Plant excretory system:
Plants lack an excretory system and excrete via a variety of mechanisms such as transpiration, waste release into the surrounding soil, leaf loss, and waste storage in cell vacuoles. Other waste materials, such as resins and gums, are retained in ancient xylem.
Chapter 6 that is Life Processes Class 10 notes cover all the important processes of living organisms necessary for their existence on the planet earth like Nutrition, Respiration, Circulation, sexual reproduction etc. Understanding the basic life processes not only aware you of your bodily functions but also impart you knowledge that you can carry lifelong and acts responsibly for your own health.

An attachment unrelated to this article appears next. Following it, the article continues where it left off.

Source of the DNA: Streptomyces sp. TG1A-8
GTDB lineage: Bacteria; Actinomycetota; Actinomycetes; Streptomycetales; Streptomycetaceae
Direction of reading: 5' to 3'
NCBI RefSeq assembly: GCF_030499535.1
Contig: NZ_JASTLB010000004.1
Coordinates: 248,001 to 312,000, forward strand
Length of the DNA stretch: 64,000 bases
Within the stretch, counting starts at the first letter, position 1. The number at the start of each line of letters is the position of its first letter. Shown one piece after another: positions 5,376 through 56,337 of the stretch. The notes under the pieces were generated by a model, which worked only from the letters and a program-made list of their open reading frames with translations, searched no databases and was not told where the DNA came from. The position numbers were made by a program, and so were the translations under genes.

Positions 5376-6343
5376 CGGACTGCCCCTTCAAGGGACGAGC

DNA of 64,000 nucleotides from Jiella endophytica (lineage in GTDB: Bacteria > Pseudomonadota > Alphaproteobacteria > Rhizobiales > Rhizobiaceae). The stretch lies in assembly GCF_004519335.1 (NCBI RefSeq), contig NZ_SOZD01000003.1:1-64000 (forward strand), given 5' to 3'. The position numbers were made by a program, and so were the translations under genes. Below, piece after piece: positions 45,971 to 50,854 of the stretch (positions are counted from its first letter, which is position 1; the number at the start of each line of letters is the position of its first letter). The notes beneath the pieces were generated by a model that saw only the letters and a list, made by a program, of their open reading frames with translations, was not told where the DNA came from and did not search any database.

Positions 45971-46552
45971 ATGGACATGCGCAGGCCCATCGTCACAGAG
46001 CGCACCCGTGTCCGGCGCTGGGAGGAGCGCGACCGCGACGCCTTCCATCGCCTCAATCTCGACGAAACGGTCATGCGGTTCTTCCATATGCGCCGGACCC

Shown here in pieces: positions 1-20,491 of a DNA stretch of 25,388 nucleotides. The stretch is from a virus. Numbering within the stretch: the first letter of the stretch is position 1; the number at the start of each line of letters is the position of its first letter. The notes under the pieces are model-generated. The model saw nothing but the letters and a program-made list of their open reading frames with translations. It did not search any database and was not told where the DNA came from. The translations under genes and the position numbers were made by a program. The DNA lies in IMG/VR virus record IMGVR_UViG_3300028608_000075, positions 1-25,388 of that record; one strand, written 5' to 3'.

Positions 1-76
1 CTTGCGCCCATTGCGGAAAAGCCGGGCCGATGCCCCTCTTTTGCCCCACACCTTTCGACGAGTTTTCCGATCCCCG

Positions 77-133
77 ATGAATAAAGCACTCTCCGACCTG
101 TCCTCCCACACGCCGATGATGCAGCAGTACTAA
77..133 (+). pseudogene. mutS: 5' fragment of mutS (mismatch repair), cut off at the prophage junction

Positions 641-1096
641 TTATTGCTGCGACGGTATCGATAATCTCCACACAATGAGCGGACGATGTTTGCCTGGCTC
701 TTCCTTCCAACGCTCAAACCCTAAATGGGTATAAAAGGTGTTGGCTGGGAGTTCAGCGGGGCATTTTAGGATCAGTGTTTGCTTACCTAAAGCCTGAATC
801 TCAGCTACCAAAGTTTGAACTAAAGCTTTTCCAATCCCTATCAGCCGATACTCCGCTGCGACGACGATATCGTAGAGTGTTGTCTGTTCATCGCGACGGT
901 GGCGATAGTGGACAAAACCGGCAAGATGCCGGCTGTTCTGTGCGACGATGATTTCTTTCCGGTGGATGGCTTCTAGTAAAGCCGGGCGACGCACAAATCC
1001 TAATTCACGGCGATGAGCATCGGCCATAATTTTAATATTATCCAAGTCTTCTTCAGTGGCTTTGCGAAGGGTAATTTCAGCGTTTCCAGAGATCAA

Therefore, it is a must that students pay diligent attention to the life processes class 10 notes.
Tagged with: cbse class 10 notes | class 10 notes | class 10 science chapter 6 notes | life processes | Life Processes Class 10 Notes